In production grinding, it is not always possible to correct a vibration problem as soon as it begins to appear. Rather than stopping, here is a means of continuing to realize smooth, efficient grinding until the underlying cause of vibration can be addressed.
Written by Peter Zelinski, Editor-in-Chief, Modern Machine Shop
This article appears in the December 2018 edition of Modern Machine Shop. Reproduced with permission.
In a production-grinding operation, waviness on the part surface is a potential clue that the machine or process has developed a vibration problem. The effect might be seen in inspection, or if there is a lapping or polishing step, the effect might be seen in the increased time spent removing the waves. According to Saint-Gobain Abrasives, manufacturer of Norton grinding wheels, this is the point at which shops almost always attempt to solve the vibration problem by making some simple change to the process. And that simple change might be a pretty good approach.
Indeed, those waves on the surface, often called chatter, could indicate the appropriate fix. On a part machined on a surface grinder, for example, vibration frequency (cycles per minute) is equal to the work speed (inches per minute) divided by the distance between two consecutive chatter marks (inch). Find the vibration frequency using this relationship, and if it matches the rotation speed of the grinding spindle, then this indicates that the grinding wheel, wheel flanges or the grinding spindle is a likely culprit. Change the wheel, tighten the flange bolts, or perhaps just change speed, and that much might be enough to cure or control the vibration problem.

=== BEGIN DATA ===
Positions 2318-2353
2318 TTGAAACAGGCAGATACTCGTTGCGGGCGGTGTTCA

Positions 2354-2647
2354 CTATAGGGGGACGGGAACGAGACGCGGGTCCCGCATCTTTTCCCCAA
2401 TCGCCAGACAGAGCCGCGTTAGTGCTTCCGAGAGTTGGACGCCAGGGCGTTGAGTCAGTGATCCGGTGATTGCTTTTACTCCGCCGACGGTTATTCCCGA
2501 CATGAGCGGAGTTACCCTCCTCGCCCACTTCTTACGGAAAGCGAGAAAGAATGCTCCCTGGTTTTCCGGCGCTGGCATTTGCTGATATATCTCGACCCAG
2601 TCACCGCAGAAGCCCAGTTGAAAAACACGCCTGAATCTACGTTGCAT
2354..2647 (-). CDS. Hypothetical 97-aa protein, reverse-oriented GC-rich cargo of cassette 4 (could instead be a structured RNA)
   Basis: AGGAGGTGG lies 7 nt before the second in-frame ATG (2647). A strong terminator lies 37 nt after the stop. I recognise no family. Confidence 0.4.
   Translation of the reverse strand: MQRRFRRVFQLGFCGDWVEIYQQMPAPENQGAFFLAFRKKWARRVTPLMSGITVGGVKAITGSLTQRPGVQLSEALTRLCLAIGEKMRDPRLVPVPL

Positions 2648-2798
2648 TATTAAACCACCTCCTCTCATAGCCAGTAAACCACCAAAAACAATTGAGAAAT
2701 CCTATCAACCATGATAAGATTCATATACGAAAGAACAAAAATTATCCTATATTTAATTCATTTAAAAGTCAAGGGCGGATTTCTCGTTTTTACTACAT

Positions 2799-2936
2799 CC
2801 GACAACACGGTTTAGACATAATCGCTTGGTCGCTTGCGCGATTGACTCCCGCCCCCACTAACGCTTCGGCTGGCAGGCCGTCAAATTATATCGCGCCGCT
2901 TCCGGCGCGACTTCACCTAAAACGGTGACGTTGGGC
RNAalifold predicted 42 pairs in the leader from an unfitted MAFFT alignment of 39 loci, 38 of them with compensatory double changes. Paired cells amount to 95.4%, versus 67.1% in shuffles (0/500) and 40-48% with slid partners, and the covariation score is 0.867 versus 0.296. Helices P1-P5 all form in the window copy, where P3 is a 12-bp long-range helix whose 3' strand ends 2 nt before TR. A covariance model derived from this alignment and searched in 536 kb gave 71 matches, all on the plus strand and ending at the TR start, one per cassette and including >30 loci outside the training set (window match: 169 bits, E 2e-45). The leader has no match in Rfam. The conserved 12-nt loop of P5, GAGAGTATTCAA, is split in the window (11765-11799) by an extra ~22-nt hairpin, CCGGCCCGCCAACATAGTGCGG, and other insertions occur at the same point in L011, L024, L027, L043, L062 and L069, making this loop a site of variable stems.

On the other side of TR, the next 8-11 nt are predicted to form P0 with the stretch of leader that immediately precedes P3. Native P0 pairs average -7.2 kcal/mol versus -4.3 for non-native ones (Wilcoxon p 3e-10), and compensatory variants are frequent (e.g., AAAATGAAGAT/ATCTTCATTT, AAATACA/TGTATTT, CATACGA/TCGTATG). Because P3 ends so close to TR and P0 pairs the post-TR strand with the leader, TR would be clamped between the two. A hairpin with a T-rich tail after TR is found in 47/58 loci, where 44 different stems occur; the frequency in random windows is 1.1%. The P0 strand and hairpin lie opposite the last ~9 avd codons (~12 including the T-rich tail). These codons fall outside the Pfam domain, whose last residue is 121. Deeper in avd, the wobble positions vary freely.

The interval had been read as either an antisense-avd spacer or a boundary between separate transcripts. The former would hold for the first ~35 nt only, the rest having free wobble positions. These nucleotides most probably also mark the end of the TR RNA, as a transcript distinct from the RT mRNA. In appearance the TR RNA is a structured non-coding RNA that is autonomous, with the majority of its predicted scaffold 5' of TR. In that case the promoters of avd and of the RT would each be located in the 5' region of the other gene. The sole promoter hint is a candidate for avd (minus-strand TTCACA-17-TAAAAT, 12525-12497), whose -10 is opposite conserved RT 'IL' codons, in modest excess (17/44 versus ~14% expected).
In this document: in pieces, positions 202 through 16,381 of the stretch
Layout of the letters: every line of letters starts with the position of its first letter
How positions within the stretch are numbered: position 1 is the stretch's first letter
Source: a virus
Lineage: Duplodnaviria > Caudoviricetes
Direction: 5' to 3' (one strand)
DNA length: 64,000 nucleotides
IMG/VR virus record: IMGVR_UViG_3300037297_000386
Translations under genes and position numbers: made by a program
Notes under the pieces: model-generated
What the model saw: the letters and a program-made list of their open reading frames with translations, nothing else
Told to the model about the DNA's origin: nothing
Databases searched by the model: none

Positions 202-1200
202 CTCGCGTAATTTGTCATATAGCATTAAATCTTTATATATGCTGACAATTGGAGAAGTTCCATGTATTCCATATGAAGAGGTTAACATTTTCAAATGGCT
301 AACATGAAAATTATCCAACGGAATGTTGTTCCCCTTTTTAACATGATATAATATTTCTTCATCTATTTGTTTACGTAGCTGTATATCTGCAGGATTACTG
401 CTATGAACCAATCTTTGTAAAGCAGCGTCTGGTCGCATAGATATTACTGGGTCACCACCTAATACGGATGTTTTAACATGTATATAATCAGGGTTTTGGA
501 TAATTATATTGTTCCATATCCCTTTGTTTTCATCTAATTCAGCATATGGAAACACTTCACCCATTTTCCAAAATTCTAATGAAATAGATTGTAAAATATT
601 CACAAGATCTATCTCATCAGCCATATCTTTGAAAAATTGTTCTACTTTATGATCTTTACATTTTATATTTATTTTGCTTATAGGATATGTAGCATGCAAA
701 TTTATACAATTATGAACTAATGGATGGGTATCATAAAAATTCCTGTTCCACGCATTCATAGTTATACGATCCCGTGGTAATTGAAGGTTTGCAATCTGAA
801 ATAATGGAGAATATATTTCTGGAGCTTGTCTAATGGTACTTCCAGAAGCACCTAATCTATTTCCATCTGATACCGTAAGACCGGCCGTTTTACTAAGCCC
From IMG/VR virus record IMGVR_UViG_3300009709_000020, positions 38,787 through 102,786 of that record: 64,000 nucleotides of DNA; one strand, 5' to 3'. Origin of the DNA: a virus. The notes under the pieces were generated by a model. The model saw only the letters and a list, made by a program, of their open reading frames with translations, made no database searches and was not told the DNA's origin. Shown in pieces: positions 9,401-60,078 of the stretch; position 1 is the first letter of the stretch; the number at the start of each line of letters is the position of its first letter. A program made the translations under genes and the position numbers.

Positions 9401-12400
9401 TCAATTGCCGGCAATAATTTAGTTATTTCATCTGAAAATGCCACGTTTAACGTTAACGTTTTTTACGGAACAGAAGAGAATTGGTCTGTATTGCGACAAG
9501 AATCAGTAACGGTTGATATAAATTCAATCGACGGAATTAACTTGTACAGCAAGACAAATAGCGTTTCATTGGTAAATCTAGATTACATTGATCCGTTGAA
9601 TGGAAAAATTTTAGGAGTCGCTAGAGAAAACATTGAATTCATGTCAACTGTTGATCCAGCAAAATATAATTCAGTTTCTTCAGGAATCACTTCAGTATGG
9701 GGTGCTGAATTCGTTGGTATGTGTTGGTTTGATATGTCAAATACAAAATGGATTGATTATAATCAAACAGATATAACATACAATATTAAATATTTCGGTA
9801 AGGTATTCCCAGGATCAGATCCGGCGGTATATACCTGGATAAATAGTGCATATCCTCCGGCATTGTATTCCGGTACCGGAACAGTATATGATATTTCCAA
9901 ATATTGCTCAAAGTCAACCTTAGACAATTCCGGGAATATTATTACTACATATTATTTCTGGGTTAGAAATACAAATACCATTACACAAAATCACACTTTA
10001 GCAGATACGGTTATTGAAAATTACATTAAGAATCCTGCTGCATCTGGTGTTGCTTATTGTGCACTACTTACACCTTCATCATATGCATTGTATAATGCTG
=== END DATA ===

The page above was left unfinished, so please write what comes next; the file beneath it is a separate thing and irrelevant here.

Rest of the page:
|Some of the ground surfaces on this workpiece show waviness resulting from process vibration. The wavelength of this waviness—the distance from peak to peak—might offer a clue to the cause of the vibration, and can be used to calculate parameters that might result in a smooth surface despite the vibration.|
How to calculate the contact length
How to calculate the chatter wavelength given frequency.
But in other cases—some involving other parts of the machine, some involving the natural frequency of the system—a simple fix is not enough to sufficiently address the problem. In these cases, the very best response is to have the machine serviced, repairing whatever failing machine element is allowing vibration to affect the workpiece. But service takes time and it means taking the machine out of production. For shops that need to keep going for the short term, researchers have proven out a process for overcoming vibration’s effects without compromising productivity and without stopping the machine for the time being.
What follows is derived from a paper about a technique called “contact-length filtering” written by Saint-Gobain corporate applications engineers John Hagan and Mark Martin. By reducing the work feed rate while increasing the depth of cut, the effects of severe vibration can be eliminated without any net effect on overall productivity.
Large Wheel-to-Work Ratio
The aim of contact-length filtering is to get the wheel-to-work contact length very large relative to the wavelength of the surface affected by vibration. When the former is high enough relative to the latter, the wheel effectively removes vibration-related peaks from the workpiece, smoothing out the surface even though vibration is still occurring. When the depth of cut is increased by the same multiple that feed rate is decreased, material removal rate (and therefore productivity) can remain the same.